UK consumers are fighting back against online retailers that fail to deliver, a new research report into what the UK public expects from retailers when shopping online has found.
The report, titled ‘Are online retailers delivering for customers’?, from global commerce services company, PFS, found that more than six in ten (64%) online shoppers say they would stop using an online retailer after a maximum of three bad experiences, and that over half (54%) of those who shopped online in the last 12 months have had a negative experience with online shopping.
Shoppers are particularly concerned with retailers’ returns policies. Three-quarters (75%) of millennial online shoppers say they wouldn’t use an online store that has a strict or a ‘no returns’ policy, while nearly seven in ten (68%) of all those who made an online purchase in the last 12 months would join them in abandoning a ‘no returns’ brand.
Following the recent news that well-known online retailers are ‘blacklisting’ customers who regularly send back items, half (51%) of those who shopped online in the last 12 months state they wouldn’t use a brand which ‘blacklisted’ customers. This is despite only 5% of online consumers having returned more than five items they purchased online in one year.
In fact, consumers feel online brands should aim higher with their returns policies to meet customer needs. Three quarters (75%) of all consumers believe online retailers should expect higher levels of returns than stores because you can’t physically see the product when buying. More than three fifths (62%) of online customers expect to be able to quickly and easily return products that are ill-fitting or unsuitable.
It’s even more important for retailers to deliver on time during the Christmas rush: only 2% of those who shop online would be happy to receive an online delivery more than a week after purchase at peak season.
Significantly, if retailers do make these mistakes throughout the delivery journey, they can expect shoppers to tell everyone what went wrong. More than half (56%) of internet consumers who have had a negative experience with online shopping brands shared this with friends and family. Younger shoppers are even tougher, with almost seven in ten (69%) millennials who have had a negative experience stating that they shared the details of that experience with friends and family.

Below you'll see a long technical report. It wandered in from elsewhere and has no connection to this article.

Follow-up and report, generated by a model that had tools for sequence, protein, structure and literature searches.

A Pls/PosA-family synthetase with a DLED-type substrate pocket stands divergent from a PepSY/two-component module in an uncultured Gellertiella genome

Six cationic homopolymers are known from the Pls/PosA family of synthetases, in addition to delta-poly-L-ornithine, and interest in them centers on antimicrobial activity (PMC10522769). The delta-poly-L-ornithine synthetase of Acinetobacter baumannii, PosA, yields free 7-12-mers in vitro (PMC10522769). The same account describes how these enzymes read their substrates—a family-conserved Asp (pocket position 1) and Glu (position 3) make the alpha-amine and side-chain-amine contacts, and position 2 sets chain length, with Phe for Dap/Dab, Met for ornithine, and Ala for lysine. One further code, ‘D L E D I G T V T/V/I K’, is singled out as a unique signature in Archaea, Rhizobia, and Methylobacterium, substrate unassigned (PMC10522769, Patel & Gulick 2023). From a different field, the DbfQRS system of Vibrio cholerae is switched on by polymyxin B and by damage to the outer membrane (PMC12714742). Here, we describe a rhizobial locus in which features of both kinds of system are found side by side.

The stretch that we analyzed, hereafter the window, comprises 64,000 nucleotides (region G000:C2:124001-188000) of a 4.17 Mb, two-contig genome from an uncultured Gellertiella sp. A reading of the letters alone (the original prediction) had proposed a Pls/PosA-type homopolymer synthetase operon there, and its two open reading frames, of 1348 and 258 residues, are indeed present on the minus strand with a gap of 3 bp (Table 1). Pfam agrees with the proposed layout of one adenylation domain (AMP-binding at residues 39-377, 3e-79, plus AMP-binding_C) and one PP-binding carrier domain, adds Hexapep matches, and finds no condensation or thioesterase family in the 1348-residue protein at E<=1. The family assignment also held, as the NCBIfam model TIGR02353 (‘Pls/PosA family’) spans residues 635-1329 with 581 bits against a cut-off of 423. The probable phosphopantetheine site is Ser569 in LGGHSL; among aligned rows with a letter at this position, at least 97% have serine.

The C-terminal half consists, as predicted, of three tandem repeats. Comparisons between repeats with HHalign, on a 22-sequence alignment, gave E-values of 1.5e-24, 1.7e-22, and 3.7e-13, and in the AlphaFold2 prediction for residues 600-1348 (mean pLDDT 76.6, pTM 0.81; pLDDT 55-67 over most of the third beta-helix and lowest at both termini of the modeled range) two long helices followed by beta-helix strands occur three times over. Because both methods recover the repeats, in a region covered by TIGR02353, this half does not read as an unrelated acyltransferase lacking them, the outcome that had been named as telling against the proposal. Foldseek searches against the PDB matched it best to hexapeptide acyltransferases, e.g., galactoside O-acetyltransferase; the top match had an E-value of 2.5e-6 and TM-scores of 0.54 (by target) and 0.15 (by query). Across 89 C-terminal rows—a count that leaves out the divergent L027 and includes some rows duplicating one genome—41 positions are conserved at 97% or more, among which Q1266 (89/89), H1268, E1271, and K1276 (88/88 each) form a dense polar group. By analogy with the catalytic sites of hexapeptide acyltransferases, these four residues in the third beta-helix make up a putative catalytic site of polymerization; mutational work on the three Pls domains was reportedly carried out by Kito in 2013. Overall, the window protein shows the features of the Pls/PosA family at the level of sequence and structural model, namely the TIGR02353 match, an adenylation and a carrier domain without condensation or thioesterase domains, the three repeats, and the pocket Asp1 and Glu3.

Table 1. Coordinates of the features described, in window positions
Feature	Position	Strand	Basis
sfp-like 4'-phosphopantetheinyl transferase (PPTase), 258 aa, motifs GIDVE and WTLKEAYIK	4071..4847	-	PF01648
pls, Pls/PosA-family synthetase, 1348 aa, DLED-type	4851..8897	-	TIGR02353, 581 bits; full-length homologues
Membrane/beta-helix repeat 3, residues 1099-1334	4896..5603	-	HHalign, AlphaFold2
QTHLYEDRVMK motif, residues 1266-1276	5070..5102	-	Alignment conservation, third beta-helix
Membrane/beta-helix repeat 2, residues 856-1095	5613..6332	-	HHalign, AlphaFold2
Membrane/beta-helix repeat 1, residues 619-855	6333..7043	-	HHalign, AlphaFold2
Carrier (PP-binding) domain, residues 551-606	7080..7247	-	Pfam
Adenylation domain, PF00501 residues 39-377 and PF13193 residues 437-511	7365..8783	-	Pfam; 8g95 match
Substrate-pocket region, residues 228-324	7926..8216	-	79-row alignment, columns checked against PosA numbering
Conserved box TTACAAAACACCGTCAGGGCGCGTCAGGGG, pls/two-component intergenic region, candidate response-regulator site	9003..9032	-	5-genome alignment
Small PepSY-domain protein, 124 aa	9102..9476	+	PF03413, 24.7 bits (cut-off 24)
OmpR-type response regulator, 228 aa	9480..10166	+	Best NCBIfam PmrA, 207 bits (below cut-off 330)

The research also found that more than a quarter of shoppers (28%) expect to spend more online during the 2019 peak holiday shopping season than last year. Brands especially need to ‘get it right’ over the peak season, with more than four in ten e-shoppers (44%) believing that the online orders they make at Christmas are the most important they will buy all year.
Joe Farrell, VP of international operations at PFS, comments: “Imagine you’ve found the perfect item at the right price on an online store. You click ‘buy now’ and wait for it to arrive. But then it doesn’t. Or it turns up late, damaged or incorrect. You then try and return the item but are messed around by the retailer. Finally, you tell all your friends and family about your bad experience with that online brand. This scenario is becoming increasingly familiar as the online shopping industry continues to grow.
“Our research shows that UK consumers are now turning the tables on brands that are failing to deliver. They are expecting more and are prepared to tolerate less. Brands that take drastic measures such as ‘blacklisting’ serial returners to protect revenue in tough trading conditions, now face being blacklisted themselves by more than half of those who have shopped online over the past year, despite just 5% of the respondents having returned more than five items in one year.
“It’s no secret that bad customer service puts off shoppers, but this research highlights just how quickly customers are prepared to abandon retailers. Brands need to consider how their distribution, delivery, returns and customer service processes all impact customer perception and satisfaction. Getting it right will help them to protect brand loyalty and help them grow. Getting it wrong will result in customers leaving them for a better relationship. This research is too important to ignore.”